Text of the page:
A completely new view on the Fortis-case and especially on the very closed deliberation procedure in the magistracy. Wim Van den Eyndes book Fortisgate raises serious questions about the functioning of the judiciary in Belgium.
December 2008, the dark days before Christmas. The Leterme I government falls after the first chairman of the Court of Cassation has accused the government of trying to influence the legal process. The reason: the Fortis judgment of the Brussels Court of Appeal, which froze the sale of Fortis to BNP Paribas and thus blocked a decision by the government. The separation of powers seems to have been violated.
The arrest was preceded by a genuine magistrate's war. Christine Schurmans, a magistrate who disagreed with the judgment, refused to sign it. Moreover, according to the newspapers, her husband would have warned the government of a CD&V (Flemish christian democrats) apparatchik with close ties to the government, and she in turn tried to stop the ruling. The other two judges have not yielded to the pressure and have handed down the verdict. Fortisgate was born.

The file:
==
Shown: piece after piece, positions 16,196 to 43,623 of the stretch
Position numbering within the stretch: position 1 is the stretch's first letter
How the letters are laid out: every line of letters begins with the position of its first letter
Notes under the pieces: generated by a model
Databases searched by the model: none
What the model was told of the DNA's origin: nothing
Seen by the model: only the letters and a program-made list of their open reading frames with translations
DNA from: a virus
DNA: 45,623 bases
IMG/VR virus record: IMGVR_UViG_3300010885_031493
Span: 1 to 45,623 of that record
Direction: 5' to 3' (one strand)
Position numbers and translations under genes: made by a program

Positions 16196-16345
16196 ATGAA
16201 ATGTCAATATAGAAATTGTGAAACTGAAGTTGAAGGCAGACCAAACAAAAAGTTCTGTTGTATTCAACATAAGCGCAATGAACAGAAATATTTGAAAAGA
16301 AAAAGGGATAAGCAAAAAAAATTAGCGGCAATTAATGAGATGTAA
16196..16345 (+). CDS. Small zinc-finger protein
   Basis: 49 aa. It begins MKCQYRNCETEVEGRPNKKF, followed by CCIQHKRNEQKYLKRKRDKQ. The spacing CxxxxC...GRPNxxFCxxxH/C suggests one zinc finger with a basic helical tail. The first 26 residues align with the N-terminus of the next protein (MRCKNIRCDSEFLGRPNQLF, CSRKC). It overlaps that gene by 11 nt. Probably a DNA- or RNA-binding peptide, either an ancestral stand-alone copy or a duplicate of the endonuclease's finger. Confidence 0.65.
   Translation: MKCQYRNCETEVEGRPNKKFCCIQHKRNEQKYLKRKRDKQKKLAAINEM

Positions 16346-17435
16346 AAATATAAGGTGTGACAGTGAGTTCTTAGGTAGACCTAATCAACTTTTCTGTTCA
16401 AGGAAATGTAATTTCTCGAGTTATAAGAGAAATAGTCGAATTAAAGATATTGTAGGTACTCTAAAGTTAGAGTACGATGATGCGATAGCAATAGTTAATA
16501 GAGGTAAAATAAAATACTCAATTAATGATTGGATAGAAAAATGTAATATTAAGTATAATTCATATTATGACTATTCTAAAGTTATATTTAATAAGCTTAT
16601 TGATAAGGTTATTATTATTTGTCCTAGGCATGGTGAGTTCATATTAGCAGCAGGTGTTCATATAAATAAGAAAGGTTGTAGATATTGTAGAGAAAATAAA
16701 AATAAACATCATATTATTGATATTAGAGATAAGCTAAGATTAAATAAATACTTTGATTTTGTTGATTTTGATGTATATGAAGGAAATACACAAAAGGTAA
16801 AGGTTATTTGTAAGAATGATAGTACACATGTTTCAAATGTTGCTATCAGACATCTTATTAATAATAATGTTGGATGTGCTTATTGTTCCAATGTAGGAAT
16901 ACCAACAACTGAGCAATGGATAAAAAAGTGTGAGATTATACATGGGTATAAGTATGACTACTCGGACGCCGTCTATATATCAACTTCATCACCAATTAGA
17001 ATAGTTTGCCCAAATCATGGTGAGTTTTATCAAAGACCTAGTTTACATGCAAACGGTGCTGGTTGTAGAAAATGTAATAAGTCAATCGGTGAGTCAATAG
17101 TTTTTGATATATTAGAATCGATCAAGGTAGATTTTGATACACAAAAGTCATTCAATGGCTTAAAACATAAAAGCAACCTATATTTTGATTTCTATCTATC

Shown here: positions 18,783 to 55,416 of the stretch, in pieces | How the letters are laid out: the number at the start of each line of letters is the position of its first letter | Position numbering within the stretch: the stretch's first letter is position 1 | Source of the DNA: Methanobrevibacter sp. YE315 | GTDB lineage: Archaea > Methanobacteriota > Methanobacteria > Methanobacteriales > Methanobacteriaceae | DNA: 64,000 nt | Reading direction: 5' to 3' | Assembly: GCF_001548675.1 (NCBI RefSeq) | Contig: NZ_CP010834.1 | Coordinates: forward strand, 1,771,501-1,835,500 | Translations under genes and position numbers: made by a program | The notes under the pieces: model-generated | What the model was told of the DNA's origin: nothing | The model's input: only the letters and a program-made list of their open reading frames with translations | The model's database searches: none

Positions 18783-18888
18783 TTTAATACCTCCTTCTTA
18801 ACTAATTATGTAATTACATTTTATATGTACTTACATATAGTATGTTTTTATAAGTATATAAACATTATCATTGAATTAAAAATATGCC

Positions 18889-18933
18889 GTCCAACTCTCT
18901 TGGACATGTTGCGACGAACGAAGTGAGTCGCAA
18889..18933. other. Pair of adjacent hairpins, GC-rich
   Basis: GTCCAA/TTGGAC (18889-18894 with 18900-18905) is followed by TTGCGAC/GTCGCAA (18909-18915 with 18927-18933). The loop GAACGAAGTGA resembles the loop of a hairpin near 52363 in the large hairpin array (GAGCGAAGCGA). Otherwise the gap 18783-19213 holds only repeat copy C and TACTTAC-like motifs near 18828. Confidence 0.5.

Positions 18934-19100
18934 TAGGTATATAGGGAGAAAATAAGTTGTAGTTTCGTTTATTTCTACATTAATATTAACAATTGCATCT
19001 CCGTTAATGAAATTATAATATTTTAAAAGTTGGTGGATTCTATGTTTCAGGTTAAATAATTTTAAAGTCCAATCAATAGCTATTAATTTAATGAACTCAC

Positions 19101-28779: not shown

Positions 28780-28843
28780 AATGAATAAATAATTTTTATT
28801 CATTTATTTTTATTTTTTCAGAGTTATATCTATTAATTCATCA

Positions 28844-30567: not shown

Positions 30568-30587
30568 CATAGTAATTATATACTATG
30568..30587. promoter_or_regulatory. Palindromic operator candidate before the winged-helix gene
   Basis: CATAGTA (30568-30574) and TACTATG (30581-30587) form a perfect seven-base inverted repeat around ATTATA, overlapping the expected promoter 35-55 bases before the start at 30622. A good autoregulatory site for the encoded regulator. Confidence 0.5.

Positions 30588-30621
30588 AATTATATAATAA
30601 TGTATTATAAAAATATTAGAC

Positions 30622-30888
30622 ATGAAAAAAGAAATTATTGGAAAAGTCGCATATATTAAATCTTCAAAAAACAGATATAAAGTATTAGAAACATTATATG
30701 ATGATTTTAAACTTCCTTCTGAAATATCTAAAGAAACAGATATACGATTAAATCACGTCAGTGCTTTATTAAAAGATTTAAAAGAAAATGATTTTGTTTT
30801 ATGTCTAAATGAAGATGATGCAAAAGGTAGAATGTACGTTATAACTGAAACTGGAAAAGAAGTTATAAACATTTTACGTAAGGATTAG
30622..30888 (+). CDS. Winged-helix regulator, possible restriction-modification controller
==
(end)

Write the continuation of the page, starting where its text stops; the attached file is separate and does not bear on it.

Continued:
A stress test for justice reveals the dubious role of the magistracy in Fortisgate. Was Christine Schurmans indeed a puppet of the government, or was she the scapegoat in this story? What was the role of Paul Blondeel and Mireille Salmon, the other two judges in the Fortis case? This book sheds a completely new light on the entire episode. It raises serious questions about the functioning of the judiciary in Belgium.
Title: Fortisgate. Een stresstest voor justitie
Author: Wim Van den Eynde
Publisher: Van Halewyck
Date of publication: 12 april 2016